A Prescribed Epidemic

Prescription opioids (aka painkillers) like morphine, OxyContin, Percocet, and Vicodin (to name just a few) peaked in 2012, with 81.3 prescriptions per 100 persons. The rate of prescriptions has since fallen, but the United States still represents 80% of world opioid prescriptions (via 2015 data), and has high rates of opioid prescriptions among people under the age of 65 (i.e. the population that is younger and should be healthier). This problem of prescription is deeply embedded in how the United States (fails to) regulate the pharmaceutical industry:

Unlike most of the developed world, the United States puts minimal constraints on aggressive marketing by pharmaceutical companies, whether the target is patients, prescribers, or medical and scientific societies. U.S. pharmaceutical manufacturers have been highly successful at promoting prescription opioids in this lightly regulated, profit-driven health-care environment.

vicodin
Image via postsecret.com

Opioid abuse is rampant, and is frequently cited as one of the “gateway” drugs to heroin . Opioids are highly addictive drugs because they target parts of the brain that are susceptible to feeling pleasure. Since opioids are more intense than the natural endorphins that humans produce, users of pharmaceutical opioids or illegal opioid drugs (like heroin) feel pulled to chase the high, continue using opioids (and use in increasing amounts), and may become addicted.

Prescriptions for opioids have fallen since an all-time high in 2012, but are still above CDC recommendations. Additionally, length of prescription was found to have actually increased between 2006 and 2015, meaning patients are exposed to the affects of prescription opioids for longer periods, against CDC recommendations. Prescriptions are also doled out unevenly, and a CDC report found that  “the places with the largest number of prescriptions filled tended to have more white residents and higher rates of poverty and unemployment…” See the maps below. On left, rates of opioid prescriptions by state in 2012, on the right, poverty rate by state in 2013. States with higher rates of poverty also have higher rates of opioid prescription.

Just about this time last year, Last Week Tonight did a segment on opioid prescriptions that highlighted the role of aggressive marketing from pharmaceutical companies to influence doctors’ prescriptions of opioid painkillers. [Note: There are some things I find grating in the format of Last Week Tonight but I think this does really quality work at communicating the history of opioid marketing and prescription in the US.] In sum – big pharma played fast and loose with marketing, many doctors fell for it, and now we have huge rates of opioid abuse.

It takes time to change trends in medical practices. It took time for the prescription rates to reach the 2012 highs! So it tracks that it’s going to take some time, even with increased surveillance, research, and awareness before doctors really change opinions about what pain management strategies should look like.

Most articles that I see in local news focus on the opioid epidemic in population health – through interviews with people affected by the opioid crisis and investigations into the areas where opioid addiction is most prevalent. I think many of these articles are great, but they do obscure the macro-level issue of how opioids have come to saturate the medical industry. Fortunately, now more attention is being paid to the source: big pharma.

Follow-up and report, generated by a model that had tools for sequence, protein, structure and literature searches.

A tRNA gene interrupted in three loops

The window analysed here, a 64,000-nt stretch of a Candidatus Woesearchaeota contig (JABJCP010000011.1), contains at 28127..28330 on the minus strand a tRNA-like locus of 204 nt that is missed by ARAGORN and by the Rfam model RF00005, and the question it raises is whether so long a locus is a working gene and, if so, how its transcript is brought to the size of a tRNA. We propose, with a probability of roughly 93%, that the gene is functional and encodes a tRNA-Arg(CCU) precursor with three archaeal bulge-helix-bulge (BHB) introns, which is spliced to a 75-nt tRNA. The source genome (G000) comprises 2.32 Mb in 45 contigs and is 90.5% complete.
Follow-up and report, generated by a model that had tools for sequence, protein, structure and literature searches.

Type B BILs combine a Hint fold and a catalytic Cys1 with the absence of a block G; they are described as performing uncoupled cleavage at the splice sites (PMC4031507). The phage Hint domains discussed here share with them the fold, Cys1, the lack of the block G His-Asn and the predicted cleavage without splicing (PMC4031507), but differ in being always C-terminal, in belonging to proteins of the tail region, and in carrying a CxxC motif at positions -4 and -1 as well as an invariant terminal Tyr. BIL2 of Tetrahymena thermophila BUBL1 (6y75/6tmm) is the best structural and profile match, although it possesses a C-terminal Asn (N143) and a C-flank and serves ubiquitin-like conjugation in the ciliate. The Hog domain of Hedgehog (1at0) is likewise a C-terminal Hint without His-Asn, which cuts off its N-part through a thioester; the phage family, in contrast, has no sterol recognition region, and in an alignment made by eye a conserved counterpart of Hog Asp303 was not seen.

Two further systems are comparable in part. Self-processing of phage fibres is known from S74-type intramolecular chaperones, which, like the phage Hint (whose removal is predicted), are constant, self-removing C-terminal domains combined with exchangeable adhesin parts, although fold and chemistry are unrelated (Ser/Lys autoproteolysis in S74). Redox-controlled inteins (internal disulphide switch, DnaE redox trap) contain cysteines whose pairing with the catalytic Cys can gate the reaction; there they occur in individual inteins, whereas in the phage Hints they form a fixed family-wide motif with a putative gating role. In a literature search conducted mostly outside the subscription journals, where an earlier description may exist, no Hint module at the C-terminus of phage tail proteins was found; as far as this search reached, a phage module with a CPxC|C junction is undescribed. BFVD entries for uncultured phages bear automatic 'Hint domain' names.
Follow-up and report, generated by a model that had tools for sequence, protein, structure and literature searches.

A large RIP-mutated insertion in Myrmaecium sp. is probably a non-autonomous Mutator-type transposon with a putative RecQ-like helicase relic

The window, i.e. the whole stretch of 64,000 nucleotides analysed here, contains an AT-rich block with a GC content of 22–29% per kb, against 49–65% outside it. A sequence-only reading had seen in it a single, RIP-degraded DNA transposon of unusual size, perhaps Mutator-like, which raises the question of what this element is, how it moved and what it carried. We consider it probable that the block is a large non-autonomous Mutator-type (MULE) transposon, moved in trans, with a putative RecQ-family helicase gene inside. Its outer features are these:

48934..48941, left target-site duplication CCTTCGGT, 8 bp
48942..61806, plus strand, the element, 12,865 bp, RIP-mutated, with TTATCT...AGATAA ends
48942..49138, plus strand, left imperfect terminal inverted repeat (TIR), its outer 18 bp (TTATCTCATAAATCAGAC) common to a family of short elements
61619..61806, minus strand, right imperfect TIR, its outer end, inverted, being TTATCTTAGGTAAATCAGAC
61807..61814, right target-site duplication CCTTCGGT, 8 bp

41 States of Investigate Pharmaceutical Companies over Opioids (9.19.17 via NPR) – A coalition of state attorneys general have come together to investigate potential impropriety in pharmaceutical companies’ role in the opioid crisis.

“Our subpoenas and letters seek to uncover whether or not there was deception involved, if manufacturers misled doctors and patients about the efficacy and addictive power of these drugs,” New York Attorney General Eric Schneiderman said during his press conference announcing the investigation. “We will examine their marketing practices both to the medical community and the public.”

Are Pharmaceutical Companies to Blame for the Opioid Epidemic? (7.2.17 via The Atlantic) – “Big Tobacco” faced lawsuits in the pursuit of improved public health and has been required to make changes – this article examines the legal possibility of states attorneys general pursuing these cases.

With the tobacco-industry lawsuits, customers were using the product as instructed and got sick. With opioids it’s a different story: Customers are not using the pills as directed, and so it is harder to blame the pharmaceutical companies for the effects of that misuse, according to Lars Noah, a professor of law at the University of Florida. In addition, doctors, not consumers, were the ones targeted by the aggressive marketing campaigns undertaken by pharmaceutical companies, so it can be difficult to link consumer deaths with aggressive marketing.

Whether suits against pharmaceutical companies will be successful is to be determined – already cities and states that have been hit hard by the opioid crisis have taken steps to sue pharmaceutical companies, and it’s possible that in the next year or so we could see court decisions go one way or another. I’m definitely interested to see what happens — but hopeful that this increased attention on the issue of opioid prescriptions will ultimately result in better treatment for those facing addiction and helpful changes made in medical care to prevent exacerbating an already unfortunate epidemic.

 

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